Julius Peppers might be wearing a Patriots uniform in 2010. According to NFL.com senior analyst Pat Kirwan, the Patriots are the front-runner to sign the defensive end.
"I still think the Patriots are the team that had the most interest in him, and they struggled in the pass rush last season," Kirwan said during a live chat Monday on NFL.com. "Bill Belichick has had great success with the hybrid players, like Willie McGinest, who can play in both three- and four-man fronts. The Redskins are notorious for spending money. But I think Peppers wants to play for a playoff contender, along with making a ton of money."
Last week, Peppers voiced his ongoing frustration with the Carolina Panthers and his interest in playing for another team. The Panthers have until Feb. 25 to use their franchise tag on him, or he'll become an unrestricted free agent.
Peppers could help fill some of the Patriots' holes. Last season, New England's defense was ranked fifth in the NFL for points allowed (17.8 per game), 13th for rushing yards allowed (110.5 per game) and tied for 23rd in sacks (31). The Patriots ranked as the worst defense of the playoff contenders, which was evident in their season-ending loss to the Ravens when Ray Rice ran for 159 yards on 22 carries.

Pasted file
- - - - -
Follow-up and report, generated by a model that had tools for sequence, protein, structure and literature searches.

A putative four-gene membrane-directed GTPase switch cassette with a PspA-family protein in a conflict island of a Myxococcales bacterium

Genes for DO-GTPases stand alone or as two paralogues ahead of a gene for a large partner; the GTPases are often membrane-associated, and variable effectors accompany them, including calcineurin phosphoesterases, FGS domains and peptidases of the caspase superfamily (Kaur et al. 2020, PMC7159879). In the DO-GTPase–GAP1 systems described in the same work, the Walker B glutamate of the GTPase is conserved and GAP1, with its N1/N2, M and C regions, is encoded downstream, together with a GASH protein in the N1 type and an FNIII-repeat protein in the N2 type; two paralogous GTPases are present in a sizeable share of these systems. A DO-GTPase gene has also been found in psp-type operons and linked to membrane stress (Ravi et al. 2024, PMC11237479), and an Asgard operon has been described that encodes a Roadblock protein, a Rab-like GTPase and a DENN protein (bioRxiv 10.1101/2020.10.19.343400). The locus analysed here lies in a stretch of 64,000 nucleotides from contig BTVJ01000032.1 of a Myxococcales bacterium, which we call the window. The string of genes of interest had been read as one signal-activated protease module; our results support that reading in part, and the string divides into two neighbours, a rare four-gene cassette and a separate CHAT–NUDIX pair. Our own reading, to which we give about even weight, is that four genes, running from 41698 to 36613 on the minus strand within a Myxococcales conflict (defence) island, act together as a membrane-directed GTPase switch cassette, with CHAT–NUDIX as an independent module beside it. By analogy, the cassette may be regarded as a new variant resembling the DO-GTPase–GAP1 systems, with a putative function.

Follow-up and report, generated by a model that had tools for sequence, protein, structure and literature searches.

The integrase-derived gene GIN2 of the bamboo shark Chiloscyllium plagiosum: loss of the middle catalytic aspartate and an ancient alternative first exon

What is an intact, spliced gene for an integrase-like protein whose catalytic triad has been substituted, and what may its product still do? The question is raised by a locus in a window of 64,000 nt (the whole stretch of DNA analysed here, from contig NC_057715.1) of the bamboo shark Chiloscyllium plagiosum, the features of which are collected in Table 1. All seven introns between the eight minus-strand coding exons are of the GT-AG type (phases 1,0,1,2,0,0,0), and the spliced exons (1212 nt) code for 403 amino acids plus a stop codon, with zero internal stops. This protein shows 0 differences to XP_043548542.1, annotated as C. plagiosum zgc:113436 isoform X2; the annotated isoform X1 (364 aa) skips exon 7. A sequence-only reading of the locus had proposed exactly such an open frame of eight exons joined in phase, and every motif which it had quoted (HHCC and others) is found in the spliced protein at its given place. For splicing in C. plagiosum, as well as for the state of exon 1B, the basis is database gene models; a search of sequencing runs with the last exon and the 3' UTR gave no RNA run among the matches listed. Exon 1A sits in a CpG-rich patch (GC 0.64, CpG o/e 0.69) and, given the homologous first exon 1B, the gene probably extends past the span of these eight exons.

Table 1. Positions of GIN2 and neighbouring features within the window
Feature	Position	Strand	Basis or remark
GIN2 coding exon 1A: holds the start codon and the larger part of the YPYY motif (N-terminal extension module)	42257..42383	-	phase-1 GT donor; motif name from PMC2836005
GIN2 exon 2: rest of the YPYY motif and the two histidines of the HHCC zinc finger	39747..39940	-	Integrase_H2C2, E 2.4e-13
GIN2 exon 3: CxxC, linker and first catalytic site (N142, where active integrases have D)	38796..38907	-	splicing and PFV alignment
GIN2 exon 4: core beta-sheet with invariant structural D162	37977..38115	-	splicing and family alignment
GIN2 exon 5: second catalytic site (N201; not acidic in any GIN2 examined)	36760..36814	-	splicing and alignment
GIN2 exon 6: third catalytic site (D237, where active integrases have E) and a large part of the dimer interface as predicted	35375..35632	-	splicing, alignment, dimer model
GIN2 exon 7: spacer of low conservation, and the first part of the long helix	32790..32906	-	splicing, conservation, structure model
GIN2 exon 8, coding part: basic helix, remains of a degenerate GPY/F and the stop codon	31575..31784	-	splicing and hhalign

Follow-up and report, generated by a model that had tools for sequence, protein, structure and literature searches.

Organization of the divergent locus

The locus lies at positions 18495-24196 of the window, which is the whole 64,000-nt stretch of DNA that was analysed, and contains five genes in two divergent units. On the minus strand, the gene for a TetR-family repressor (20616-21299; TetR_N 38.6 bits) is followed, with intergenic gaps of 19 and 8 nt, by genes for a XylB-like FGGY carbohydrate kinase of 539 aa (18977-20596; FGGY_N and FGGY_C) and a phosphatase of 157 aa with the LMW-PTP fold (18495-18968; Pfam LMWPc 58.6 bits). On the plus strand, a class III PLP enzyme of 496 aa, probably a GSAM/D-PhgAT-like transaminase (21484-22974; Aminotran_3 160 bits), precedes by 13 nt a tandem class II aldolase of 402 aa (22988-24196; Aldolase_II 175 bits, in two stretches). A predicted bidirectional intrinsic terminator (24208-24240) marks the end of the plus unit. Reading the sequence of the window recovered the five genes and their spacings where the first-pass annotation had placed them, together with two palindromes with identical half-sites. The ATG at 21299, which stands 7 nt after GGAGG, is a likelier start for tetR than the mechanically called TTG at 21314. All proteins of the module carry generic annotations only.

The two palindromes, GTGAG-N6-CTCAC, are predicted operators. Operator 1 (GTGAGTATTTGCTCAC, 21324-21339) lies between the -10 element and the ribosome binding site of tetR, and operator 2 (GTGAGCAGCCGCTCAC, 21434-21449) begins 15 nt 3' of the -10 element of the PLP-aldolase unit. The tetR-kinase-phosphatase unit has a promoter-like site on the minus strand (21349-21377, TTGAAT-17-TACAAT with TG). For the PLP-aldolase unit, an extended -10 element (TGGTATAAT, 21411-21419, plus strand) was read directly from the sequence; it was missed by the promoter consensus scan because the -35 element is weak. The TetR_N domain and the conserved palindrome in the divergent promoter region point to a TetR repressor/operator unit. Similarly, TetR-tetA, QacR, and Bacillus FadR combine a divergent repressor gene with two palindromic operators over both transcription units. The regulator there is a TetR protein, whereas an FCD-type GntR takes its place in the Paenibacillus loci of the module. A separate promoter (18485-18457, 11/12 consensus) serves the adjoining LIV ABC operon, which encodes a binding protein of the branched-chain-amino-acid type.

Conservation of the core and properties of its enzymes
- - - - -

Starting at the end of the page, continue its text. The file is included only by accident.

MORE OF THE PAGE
At 6-foot-7 and 285 pounds, Peppers is adept at pressuring quarterbacks, something the Patriots lacked with any consistency in 2009. Peppers logged 10 1/2 sacks this past season (after posting 14 1/2 in 2008) and has registered double-digit sacks in six of his eight seasons. In his career, he has totaled 309 tackles, 81 sacks, six interceptions and scored two defensive touchdowns.
The Patriots could even use Peppers as a linebacker. Last year, he told NFL.com that he wanted play outside linebacker in a 3-4 defense.
Peppers also would bring experience to a defense that is still in transition. He played in a Super Bowl, is a five-time Pro Bowler and has been part of five top-10 defenses and two top-5 systems.
Will that not be enough for Belichick and Co. to bring him to Foxboro?
Peppers is 30 and has publicly expressed dissatisfaction with the Panthers over his contract and the defensive direction of the team. His attitude may be more than the Patriots want to take on after the Adalius Thomas drama. Peppers probably could fill Thomas' position on the field, but does Belichick want to replace one locker-room problem with another potential disruption?
Another issue is money. Vince Wilfork's contract situation still needs to be sorted out and Peppers won't come cheap. His salary in 2009 was $16.6 million, ranking him third on the list of highest-paid NFL players behind Peyton Manning and Donovan McNabb.
There's no doubt Peppers is a talented player, but some questions remain about everything else. The Patriots will need to get the right answers before rolling the dice with him.
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